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Kiss calls on replacements to do 'the right kind of damage' on organised England

This coaching team is determined to keep second half performances on the up.

Image: ©INPHO/Dan Sheridan

IRELAND HEAD FOR Twickenham this weekend as the leaders of the Six Nations Championship table; two convincing wins out of two and without a single try against to blot their copybooks.

Still, that’s no reason for this coaching team to be happy with the work done so far. 

“So far, so good,” agrees defence coach Les Kiss, before quickly washing the achievement away.

“We’ve played two home games and I would have expected nothing less to tell you the truth.”

One of the areas which Joe Schmidt freely admitted was an area for improvement in his tenure, is Ireland’s performance during the second 40 minutes of games. Ireland teams had been wilting and giving up leads long before November’s late loss to New Zealand.

Two-fifths of the way through this Championship Ireland have won their second halves 17 – 3 and 13 -3 respectively. There is undoubted improvement, but Kiss and Schmidt have had time to sift through the minute details of the resounding win over the defending champions, time to nit pick so that this team does not consider standing still.

“We’ve had a big focus on making sure our reserves and subs have to be well prepared, have to be on top of a game to close it out,” Kiss said today.
“I think they’ve improved. Against Scotland we were pretty efficient. Last game out against Wales there was some good impact, but the truth is, we still have seven or eight defensive system errors with out reserves and we need that to improve.

“You can not afford to come on a pitch and give the opposition a bit of an option, particularly in a tight game.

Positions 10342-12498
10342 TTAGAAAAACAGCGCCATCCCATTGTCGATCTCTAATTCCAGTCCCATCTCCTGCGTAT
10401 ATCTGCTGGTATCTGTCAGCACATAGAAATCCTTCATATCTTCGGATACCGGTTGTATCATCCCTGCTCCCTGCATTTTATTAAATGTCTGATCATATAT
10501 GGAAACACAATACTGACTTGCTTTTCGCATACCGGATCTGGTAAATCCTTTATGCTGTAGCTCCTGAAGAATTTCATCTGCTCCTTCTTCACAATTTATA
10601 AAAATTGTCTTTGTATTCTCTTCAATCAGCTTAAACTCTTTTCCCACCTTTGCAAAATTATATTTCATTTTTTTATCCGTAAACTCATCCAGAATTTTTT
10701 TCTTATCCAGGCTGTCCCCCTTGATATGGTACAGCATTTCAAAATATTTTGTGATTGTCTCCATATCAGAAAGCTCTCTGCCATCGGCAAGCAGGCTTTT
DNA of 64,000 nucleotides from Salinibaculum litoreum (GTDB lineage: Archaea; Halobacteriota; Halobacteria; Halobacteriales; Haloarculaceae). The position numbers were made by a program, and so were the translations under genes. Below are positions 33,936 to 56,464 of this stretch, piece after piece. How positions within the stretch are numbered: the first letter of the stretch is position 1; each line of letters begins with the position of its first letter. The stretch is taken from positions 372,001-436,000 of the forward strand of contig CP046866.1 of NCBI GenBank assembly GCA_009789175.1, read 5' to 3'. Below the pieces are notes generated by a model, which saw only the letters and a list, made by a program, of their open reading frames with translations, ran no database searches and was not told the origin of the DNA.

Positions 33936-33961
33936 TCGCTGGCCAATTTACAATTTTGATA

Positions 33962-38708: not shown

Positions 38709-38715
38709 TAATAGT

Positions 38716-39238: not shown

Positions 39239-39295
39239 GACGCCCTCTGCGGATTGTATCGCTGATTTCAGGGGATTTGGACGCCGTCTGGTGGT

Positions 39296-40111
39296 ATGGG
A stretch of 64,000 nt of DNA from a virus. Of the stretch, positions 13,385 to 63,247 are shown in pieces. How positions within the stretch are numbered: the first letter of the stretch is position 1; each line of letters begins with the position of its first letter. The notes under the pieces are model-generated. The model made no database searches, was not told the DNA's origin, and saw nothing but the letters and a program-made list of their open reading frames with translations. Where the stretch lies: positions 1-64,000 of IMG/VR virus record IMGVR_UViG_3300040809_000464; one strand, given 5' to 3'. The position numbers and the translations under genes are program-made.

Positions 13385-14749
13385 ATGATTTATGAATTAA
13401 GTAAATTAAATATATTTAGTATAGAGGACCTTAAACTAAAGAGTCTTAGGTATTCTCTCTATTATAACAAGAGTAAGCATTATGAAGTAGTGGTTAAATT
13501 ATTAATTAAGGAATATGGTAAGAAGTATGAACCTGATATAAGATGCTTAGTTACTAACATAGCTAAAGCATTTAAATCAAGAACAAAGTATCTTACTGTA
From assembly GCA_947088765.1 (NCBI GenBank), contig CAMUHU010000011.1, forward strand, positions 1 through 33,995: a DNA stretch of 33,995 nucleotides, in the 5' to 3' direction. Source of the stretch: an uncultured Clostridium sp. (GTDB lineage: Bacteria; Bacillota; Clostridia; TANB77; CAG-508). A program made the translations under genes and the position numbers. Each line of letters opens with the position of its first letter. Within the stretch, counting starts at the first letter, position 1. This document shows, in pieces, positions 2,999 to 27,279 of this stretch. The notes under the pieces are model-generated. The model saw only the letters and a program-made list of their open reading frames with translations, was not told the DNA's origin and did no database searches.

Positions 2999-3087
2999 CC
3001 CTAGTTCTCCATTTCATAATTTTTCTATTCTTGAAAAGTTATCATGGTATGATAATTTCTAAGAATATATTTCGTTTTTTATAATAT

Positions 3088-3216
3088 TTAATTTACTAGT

“It’s still a big focus for us. The fact we’ve done well in the last two doesn’t guarantee us [anything]. We need to be on the ball and our subs are an integral part of making sure we have the right kind of damage we want to do the opposition, but still making sure that we’re still running the plan and the system as we would plan to.”

Kiss has spent the past 10 days or so running his eye over the English attack. In all probability, he will once again tailor the gameplan from the one which accounted for last season’s champions to tackle the runners-up.

“I think the biggest difference is that England will play to their maul and play to their scrum a lot more. They’re not afraid to kick to touch in a defensive mode. Wales like to kick the ball to stay in, then play and use the momentum players – through from Toby Faletau to [Jamie] Roberts and [George] North out wide.

“England are probably a little bit more structured and it does become a challenge, but we’ve looked at it, we’ve done our analysis…”


At that, Kiss reined in his insight and instead mentions that they have more training to do this week. But he is in no doubt that the hosts in Twickenham will present a variety of threats to be reckoned with on a day he says England “can’t afford to lose”.

“I think they have a really solid, organised approach to their attack and by having that it allows the brilliance of some of the individuals to come out to the fore.
“You can certainly see, Jack Nowell for example, has been encouraged to throw himself into certain moments of the game that may look a little unstructured, but they accept that as part of it.

“Danny Care is playing off the cuff a little bit more. A lot of their organisation does come around [Owen] Farrell orchestrating the movement.

“Then, when you’ve got somebody like [Mike] Brown and [Billy] Twelvetrees, they can switch their game to somewhere else, it’s part of their acceptance of the structure that allows that to happen. They will eke it out and look for the weaknesses and mismatches in your defence. so we just need to have our heads up this week.”

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Sean Farrell

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